City to ACLU: Drop panhandling suit
Grand Junction insists its ordinance against panhandling is constitutional and narrowly defined, so a lawsuit brought by the American Civil Liberties Union should be dropped.
Grand Junction filed its latest response Thursday in what has become back-and-forth litigation between the two entities.
In an effort to save time and money, the city of Grand Junction requested that the lawsuit the ACLU lodged over its panhandling ordinance should just go away.
The ACLU disagreed.
The American Civil Liberties Union, which filed the suit, still isn’t pleased with the wording in the ordinance, even after city councilors approved of softer language in April.
As of mid-June, Grand Junction’s insurance company, Colorado Intergovernmental Risk Sharing Agency, has paid out $13,331 to attorneys at Berg, Hill, Greenleaf, Ruscitti LLP, who are assisting with the lawsuit, said Grand Junction City Attorney John Shaver.
In its latest motion, Grand Junction argues that the lawsuit does not limit freedom of speech and should not be legally challenged because a person must act “both with knowledge that his conduct is proscribed and without the consent of the person solicited. Next the person must take some action to approach, accost or stop another person in one of the proscribed times, places or manners.”
“The Plaintiff’s interpretation of the Ordinance seems to suggest that each provision should be read in isolation from every other provision, rather than as a unified whole, and when possible, to avoid Constitutional difficulties,” the filing states. “Therefore, the Court should dismiss the Plaintiff’s and Intervenors’ Complaints in their entirety with prejudice.”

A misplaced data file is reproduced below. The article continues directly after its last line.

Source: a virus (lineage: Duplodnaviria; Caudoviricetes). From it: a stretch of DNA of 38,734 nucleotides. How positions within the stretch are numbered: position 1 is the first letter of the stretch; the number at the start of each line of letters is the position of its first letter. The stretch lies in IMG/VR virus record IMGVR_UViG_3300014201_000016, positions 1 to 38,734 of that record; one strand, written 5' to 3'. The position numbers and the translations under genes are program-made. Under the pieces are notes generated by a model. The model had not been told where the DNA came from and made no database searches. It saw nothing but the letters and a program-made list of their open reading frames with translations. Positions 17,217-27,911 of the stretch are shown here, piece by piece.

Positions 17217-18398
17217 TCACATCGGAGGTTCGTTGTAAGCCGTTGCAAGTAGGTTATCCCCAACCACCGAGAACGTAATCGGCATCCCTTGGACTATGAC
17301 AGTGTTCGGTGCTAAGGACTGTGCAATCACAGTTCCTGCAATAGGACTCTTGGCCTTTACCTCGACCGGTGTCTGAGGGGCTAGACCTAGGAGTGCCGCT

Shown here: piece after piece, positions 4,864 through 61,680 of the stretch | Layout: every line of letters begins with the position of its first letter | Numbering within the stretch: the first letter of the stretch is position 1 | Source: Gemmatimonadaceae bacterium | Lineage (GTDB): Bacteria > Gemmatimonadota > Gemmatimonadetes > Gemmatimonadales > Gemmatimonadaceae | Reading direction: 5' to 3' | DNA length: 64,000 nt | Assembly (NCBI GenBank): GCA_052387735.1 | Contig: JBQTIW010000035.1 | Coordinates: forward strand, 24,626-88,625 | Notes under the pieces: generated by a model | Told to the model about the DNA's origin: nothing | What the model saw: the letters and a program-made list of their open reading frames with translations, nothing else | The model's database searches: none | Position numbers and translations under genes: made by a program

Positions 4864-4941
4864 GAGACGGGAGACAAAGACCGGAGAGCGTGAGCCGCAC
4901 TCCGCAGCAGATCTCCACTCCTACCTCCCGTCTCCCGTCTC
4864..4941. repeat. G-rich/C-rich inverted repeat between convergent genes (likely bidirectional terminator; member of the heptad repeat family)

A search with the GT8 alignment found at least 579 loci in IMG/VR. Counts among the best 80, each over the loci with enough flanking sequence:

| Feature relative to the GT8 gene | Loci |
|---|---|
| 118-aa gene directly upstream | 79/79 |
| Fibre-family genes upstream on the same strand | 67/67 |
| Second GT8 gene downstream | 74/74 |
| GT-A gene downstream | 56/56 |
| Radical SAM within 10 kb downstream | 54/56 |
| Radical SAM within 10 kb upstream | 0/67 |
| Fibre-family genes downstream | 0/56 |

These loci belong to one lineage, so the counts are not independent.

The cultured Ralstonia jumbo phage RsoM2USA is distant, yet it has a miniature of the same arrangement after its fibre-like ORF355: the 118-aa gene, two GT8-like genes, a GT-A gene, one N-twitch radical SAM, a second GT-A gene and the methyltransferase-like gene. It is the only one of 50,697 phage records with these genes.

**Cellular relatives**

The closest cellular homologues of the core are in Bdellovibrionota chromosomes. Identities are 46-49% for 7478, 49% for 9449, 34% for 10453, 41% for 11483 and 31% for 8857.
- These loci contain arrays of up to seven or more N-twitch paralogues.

The panhandling ordinance was devised earlier this year after some Main Street business owners reported they and their customers were experiencing an uptick in aggressive panhandling tactics.
Grand Junction passed the ordinance in February, but after the ACLU protested the ordinance, a federal judge temporarily blocked the city from enforcing a portion of the ban just days before it was slated to go into effect.
In April, the City Council amended the ordinance, deleting the section that bans solicitors from panhandling along state and federal highways. Panhandlers still cannot step into the roadway to accept donations.
The City Council also removed language that would prohibit solicitors from knowingly approaching at-risk individuals or panhandling near school grounds.
Also, the council approved a change in wording about where people could panhandle, reducing a buffer zone of 100 feet to 20 feet around bus stops and automatic teller machines.
The ordinance has never been enforced as it endures challenges through litigation, city officials said.
In a more recent court motion, Grand Junction requested that the ACLU drop the lawsuit because some of the wording in the ordinance has been changed and the city did not want to incur costly fees over it in a protracted legal battle.